10. Preacherman

    Preacherman Member

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    Yep - too many times... Interestingly, the ones that hit you - well, you don't hear 'em. If you can hear them, they've missed. How do I know this, you ask? Trust your Uncle Preacherman - I know this!
    :what:
     
  11. Monte Harrison

    Monte Harrison Member

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    A very loud "SNAP".
     
  12. Tamara

    Tamara Senior Member

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    Best I can remember, it made a sound just like me cussing at the top of my lungs. :eek:
     
  13. NewShooter78

    NewShooter78 Member

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    Can anyone vouche for the effects of the 50 cal sniper rifles used by snipers in the military. Some of my military friends would have me believe that if one of those rounds were to hit your hand it would tear your arm off at either the elbow or shoulder (depends on the day of the week for which one they pick :rolleyes: ).
     
  14. answerguy

    answerguy Member

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    In the course of war I would have to assume all manner of near misses have happened, including: having your hair parted, uniform puctured or an ear pierced.

    Speaking of parting hair. Many years ago I shot a deer and while waiting for my hunting buddy to arrive on the scene I was examing my trophy. I was observing the neck area and there was what I am sure was a parting of hair from a near miss. Probably mine as he continued to run after my first shot in the lungs (with an '06).
     
  15. Shawn Dodson

    Shawn Dodson Member

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    Rifle bullets that pass by go "SNAP!"

    Rifle bullets that hit flesh go "THWACK!"
     
  16. Oatka

    Oatka Member

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    Other than working the target pits, no Real World experience. Yeah, all calibers I heard went CRACK!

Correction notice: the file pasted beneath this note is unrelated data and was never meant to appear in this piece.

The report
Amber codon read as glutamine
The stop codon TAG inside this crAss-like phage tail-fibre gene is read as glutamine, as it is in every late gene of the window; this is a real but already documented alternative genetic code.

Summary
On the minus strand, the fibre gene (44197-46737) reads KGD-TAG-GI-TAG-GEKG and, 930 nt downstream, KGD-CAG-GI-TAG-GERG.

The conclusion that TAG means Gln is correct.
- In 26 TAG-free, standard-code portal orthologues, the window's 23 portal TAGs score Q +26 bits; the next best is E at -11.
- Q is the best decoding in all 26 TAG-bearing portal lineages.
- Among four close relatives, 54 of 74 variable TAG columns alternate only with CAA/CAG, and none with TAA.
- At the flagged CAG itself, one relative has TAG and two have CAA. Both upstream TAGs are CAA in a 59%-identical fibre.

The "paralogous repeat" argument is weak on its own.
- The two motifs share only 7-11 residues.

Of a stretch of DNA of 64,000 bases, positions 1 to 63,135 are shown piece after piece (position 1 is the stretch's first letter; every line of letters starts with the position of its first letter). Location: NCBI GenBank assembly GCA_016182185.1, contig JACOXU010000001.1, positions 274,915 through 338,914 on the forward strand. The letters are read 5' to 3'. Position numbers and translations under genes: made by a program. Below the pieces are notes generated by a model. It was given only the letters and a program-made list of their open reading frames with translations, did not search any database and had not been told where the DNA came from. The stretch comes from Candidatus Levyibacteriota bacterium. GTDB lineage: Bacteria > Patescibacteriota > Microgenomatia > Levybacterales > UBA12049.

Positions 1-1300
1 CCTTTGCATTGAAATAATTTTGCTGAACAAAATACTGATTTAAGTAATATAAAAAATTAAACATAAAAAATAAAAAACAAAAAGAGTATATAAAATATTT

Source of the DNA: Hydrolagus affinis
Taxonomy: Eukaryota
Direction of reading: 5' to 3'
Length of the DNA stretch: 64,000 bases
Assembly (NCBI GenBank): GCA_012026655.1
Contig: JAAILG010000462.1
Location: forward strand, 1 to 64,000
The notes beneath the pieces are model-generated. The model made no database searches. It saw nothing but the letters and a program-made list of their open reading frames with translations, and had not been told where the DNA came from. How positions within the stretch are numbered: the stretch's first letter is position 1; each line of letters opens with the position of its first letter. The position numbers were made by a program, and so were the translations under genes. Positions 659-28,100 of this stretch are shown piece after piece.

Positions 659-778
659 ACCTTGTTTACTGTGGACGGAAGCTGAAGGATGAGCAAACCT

Had an interesting experience with outgoing though. I was backup shark guard on a sub in the 50s. We'd fire a fish and after it's run the "warhead" would fill with air and bob about. We'd send a couple of guys over the side to hook it up to a davit for retrieval.

    The Navy, in it's wisdom, sent us to sea with a couple of M1s, but no clips. :rolleyes: The main shark guard had to single shot it. I had on board a 32"-bbl 45-70 with some rounds (in the boat's armory) and asked to stand watch also, claiming the heavier ball was just as effective as the 30-06. I got a lot of ribbing about "that old smokepole".

    When we secured, I asked if I could shoot some rounds and they said OK. I was using some of Bannerman's old smokeless Gatling Gun ammo, ca. 1908 with 500 gr. slugs. After a few close-range, geyser-spouting shots, we wanted to see how far the slugs would carry (we were pretty far out at sea in the Caribbean).

    I angled her at about 45 deg., fired, and heard a "Wish-wish-wish" sound. We never did see where the slugs landed but burned up 20 rounds just to hear the sound. Some of the no-gun-savvy guys thought it was as powerful as our 40mms.

    I kept squinting into the sun to see if I could track the ball in flight :D as that big inch-long slug had a muzzle velicity of only about 1100 fps.
     
  17. igor

    igor Member

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    Well... from the target bunker... a company of 120 men shoots in two shifts, 60 each, with the other sixty in the bunker patching the targets and noting results. The sound of 7,62x39 from 60 Sakos and Valmets is a he11 of a swarm of hornets, with the actual shots from 150 or 300 meters away sounding strangely vague. The 7,62x53R from a Valmet or Dragunov sniper rifle gives a heavier buzz, as if tearing through something thicker than air.